Modification exception. Although the refrigerator owner stated that any of Lowe’s actions in handling her fridge "could have made the malfunctions exist," her conjectural phrasing underscored the fact that she could not trace the product’s alleged defects to any alteration or modification made by the retailer. Her speculation that her fridge’s malfunction only could have been caused while the appliance was in Lowe’s possession or control ignored the possibility that the unit was defective when Whirlpool had delivered it to Lowe’s. Not only did the refrigerator owner have no evidence that Lowe’s had altered or modified the unit, she did not actually allege that the retailer had done so; therefore, no material factual dispute existed about whether the modification exception to the nonmanufacturers’ exemption from liability applied.

Installation exception. Similarly, there was no material factual dispute regarding the applicability of the statute’s exception for sellers that install the at-issue product on another product. Here, the refrigerator owner stated only that Lowe’s had installed her appliance; she neither alleged nor offered evidence that the company had installed the unit onto any other product.

Representation exception. Courts interpreting the representation exception to the nonmanufacturer liability shield have declined to apply this exception when a seller’s representation simply was a general positive statement about the product, while courts applying the exception in a plaintiff’s favor have tended to do so only when a seller had made a specific representation about a product’s capabilities or quality.

In the case at bar, the refrigerator owner alleged that a Lowe’s employee had told her that the fridge "was new," that it "worked normally for normal performance," that it "worked as new," and that it would "make it a reasonable choice" for household use. However, those were the same sorts of general representations rejected by another court in the district; thus supporting the conclusion that the representation exception could not be interpreted so broadly as to cast aside the liability shield based on generic statements about a product. Consequently, none of the alleged representations made by Lowe’s sufficed to create a material factual dispute about whether the exception was applicable.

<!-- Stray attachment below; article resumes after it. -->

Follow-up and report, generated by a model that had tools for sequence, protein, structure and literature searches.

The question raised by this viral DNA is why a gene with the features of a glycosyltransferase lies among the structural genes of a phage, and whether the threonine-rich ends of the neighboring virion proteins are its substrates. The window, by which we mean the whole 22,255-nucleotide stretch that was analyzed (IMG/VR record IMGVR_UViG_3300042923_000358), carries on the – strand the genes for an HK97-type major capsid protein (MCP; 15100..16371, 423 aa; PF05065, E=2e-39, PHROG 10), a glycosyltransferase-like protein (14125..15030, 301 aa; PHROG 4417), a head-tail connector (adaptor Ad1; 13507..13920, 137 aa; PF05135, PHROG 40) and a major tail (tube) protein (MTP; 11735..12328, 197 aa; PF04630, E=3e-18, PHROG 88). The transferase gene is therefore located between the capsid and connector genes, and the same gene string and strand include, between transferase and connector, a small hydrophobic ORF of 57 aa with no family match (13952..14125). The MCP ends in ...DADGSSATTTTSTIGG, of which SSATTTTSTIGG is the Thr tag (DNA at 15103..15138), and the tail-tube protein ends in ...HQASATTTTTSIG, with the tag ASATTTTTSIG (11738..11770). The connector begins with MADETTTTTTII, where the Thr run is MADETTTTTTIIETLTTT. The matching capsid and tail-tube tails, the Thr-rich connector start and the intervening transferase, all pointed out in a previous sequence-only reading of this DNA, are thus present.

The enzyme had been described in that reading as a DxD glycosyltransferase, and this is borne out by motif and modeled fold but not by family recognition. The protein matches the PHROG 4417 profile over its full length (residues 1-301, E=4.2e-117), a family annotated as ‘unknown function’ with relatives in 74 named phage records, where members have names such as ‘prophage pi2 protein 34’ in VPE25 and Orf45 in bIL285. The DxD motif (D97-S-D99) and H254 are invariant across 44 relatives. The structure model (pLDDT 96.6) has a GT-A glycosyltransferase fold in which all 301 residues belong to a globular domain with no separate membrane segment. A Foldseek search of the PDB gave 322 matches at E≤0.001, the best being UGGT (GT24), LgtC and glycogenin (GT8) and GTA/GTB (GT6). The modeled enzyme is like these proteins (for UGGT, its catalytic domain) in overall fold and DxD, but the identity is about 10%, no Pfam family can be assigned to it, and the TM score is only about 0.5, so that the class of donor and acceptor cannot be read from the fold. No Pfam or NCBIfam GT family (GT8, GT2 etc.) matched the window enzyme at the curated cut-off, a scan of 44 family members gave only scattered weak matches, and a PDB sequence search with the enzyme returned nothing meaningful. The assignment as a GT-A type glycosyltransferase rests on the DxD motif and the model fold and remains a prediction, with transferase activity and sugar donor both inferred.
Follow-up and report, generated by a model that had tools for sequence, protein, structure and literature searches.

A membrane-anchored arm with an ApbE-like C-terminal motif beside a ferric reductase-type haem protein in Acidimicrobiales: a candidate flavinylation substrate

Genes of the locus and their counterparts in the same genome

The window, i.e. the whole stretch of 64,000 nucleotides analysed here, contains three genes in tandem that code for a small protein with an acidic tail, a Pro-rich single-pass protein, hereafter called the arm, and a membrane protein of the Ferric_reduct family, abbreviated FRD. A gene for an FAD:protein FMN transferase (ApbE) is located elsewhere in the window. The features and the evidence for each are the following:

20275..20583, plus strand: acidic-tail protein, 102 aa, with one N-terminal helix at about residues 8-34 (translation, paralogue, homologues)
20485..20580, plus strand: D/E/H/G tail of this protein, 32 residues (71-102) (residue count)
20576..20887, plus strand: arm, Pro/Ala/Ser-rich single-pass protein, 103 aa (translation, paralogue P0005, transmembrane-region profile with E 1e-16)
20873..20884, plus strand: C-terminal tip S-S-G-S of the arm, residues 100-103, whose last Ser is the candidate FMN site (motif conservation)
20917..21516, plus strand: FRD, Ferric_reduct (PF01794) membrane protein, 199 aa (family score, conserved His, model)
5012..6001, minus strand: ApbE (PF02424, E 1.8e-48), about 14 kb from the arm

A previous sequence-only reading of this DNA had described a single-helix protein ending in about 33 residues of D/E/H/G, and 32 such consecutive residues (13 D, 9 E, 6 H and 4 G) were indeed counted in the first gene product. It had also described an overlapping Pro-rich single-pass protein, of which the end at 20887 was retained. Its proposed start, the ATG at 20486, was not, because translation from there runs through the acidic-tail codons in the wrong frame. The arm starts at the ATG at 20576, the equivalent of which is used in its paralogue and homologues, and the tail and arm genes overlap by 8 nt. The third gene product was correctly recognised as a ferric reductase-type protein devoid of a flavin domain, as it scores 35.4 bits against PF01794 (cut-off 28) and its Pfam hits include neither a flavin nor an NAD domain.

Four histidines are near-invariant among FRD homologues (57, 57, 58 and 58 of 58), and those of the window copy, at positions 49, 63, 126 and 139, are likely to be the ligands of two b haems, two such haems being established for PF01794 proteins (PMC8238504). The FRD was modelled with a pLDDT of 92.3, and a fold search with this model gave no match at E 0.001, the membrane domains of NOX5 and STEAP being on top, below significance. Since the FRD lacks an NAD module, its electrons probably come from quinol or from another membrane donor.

Known-defect exception. Finally, the refrigerator owner failed to create a material factual dispute about whether the statute’s known-defect exception applied. Her argument centered on the statements that Lowe’s had to know that her specific unit was defective because Whirlpool previously had been sued with respect to other unspecified defects of different units of the same model, and that Lowe’s and Whirlpool were so intertwined that the former must have known about the latter’s other defective units.

Even if she had submitted evidence to substantiate that claim, however, that evidence was insufficient to establish "actual knowledge" under the exception. At most, her argument established that the home improvement retailer was aware of a risk that the particular unit sold to her might be defective, and federal courts within the circuit routinely have held that "should-have-known" allegations fall short of the exception’s actual-knowledge requirement.

Conclusion. In summary, because Lowe’s was a nonmanufacturing seller for the purposes of Texas law, all the refrigerator owner’s state-law claims were products-liability actions under the statute, and there was no material factual dispute about whether any of the nonmanufacturer provision’s exceptions applied to her claims. Accordingly, Lowe’s was entitled to summary judgment as a matter of law on all the owner’s state-law claims relating to the allegedly defective appliance.

The case is No. 1:16-cv-1279-RP.

Attorneys: Shari I. Howard, pro se. Krishna Reddy (Paul Garcia & Associates) for Lowe’s Home Centers, LLC.

Companies: Lowe's Home Centers, LLC

MainStory: TopStory SCLIssuesNews DamagesNews HouseholdProductsNews TexasNews